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Slide Presentations: Wednesday, November 3, 2010 |

Coccidioidomycosis in Lung Transplant Recipients in an Endemic Area FREE TO VIEW

Sachin Chaudhary, MD; Yuval Raz, MD; Kenneth Knox, MD; Laura E. Meinke
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University of Arizona, Tucson, AZ



Chest. 2010;138(4_MeetingAbstracts):875A. doi:10.1378/chest.10359
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Published online

Abstract

PURPOSE: Coccidioides species commonly cause pneumonia in endemic areas. In immunosuppressed patients, the risk of severe disease increases. Incidence of infection in solid organ transplant recipients has been reported as 1-2%.¹ The burden of disease in lung transplant recipients is unknown.

METHODS: Retrospective chart review was undertaken on 105 bilateral lung transplant recipients (out of 212 total lung recipients) between 1993 and 2009. Subjects were reviewed for pre- and post-transplant evidence of coccidioidomycosis and grouped as "probable" or "definite" infection based on clinical course, serology, cytopathology, and culture.

RESULTS: 6.7% of patients developed coccidioidomycosis post-transplant. All subjects but one was grouped as "definite" based on identification of organism in pulmonary secretions or skin biopsy. Of those with post transplant coccidioidomycosis, 70% had received prophylaxis. All instances of post-transplant infection occurred within 12 months of transplantation. One donor lung grew Coccidioides and was transplanted prior to final culture result availability. The patient received treatment and did not become ill. A second donor had positive serology (IgM). The recipient died on the date of transplantation. Despite active infection, serology was negative in all confirmed post-transplant cases. Six subjects had a history of coccidioidomycosis pre-transplantation. None developed post-transplant coccidioidomycosis and all received prophylaxis active against Coccidioides.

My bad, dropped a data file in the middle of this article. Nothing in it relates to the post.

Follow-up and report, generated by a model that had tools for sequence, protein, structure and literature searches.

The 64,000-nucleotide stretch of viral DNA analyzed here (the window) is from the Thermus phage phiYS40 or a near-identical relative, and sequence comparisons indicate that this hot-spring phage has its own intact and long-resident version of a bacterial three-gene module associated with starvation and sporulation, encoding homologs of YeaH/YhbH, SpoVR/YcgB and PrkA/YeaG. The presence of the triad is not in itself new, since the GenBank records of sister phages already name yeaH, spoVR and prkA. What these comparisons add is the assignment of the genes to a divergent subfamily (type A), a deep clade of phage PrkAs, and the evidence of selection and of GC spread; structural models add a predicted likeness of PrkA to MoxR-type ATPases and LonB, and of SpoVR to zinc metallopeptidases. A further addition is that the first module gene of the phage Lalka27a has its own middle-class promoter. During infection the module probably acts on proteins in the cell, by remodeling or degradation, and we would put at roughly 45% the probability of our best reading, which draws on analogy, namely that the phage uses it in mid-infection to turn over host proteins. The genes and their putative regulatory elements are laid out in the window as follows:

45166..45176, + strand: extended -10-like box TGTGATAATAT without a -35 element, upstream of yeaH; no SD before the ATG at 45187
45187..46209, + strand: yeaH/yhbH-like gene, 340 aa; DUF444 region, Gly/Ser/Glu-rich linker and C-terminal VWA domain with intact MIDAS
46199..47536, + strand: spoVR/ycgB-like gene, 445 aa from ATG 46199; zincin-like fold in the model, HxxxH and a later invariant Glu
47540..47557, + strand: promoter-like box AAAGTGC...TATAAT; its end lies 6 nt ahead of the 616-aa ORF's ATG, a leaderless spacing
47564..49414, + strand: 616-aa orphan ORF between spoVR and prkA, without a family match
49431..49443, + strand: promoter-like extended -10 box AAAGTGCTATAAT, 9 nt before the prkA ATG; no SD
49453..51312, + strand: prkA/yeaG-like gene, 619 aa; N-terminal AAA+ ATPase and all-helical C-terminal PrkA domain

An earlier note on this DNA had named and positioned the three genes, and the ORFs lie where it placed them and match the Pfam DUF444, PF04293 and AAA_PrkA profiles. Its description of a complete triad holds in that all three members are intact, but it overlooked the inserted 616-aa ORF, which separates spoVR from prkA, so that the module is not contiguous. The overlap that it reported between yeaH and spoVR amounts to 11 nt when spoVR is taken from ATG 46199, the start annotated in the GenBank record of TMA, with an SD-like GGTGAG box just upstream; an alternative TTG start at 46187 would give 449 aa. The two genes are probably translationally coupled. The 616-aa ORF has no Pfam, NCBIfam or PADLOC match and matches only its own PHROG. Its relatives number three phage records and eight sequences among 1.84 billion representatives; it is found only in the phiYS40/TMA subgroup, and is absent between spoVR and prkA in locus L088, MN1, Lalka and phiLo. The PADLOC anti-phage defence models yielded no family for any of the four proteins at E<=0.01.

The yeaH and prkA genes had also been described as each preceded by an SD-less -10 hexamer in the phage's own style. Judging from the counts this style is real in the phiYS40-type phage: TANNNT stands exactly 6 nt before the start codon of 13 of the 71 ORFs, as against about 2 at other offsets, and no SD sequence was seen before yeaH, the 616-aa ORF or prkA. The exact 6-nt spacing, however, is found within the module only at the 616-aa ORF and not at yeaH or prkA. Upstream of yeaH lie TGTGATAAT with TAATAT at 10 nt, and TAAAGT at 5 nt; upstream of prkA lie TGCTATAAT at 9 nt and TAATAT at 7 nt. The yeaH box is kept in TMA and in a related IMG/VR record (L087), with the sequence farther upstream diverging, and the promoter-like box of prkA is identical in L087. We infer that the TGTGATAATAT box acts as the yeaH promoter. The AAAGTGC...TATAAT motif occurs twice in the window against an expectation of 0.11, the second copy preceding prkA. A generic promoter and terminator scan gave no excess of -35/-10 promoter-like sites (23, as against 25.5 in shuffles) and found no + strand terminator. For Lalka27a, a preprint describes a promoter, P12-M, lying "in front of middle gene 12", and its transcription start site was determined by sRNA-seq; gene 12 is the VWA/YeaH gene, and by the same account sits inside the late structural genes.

CONCLUSION: The overall infection rate has historically been estimated at 3% per year.² In our patient population the incidence of disease was 6.7% in the first post-transplant year. Coccidioidal serology is less useful diagnostically in the setting of lung transplantation than in published series of community acquired infection. Although the early time course to infection is compatible with reactivation of disease, reinfection or unrecognized donor related transmission of Coccidioides is also plausible. Knowledge of the serostatus of donors from the endemic area is speculated to be helpful.

CLINICAL IMPLICATIONS: The risk of coccidioidomycosis post bilateral lung transplantation is significant. Negative serology does not exclude serious infection in these patients. Prophylaxis for patients with a documented history of coccidioidomycosis is warranted.

DISCLOSURE: Sachin Chaudhary, No Financial Disclosure Information; No Product/Research Disclosure Information

08:00 AM - 09:15 AM


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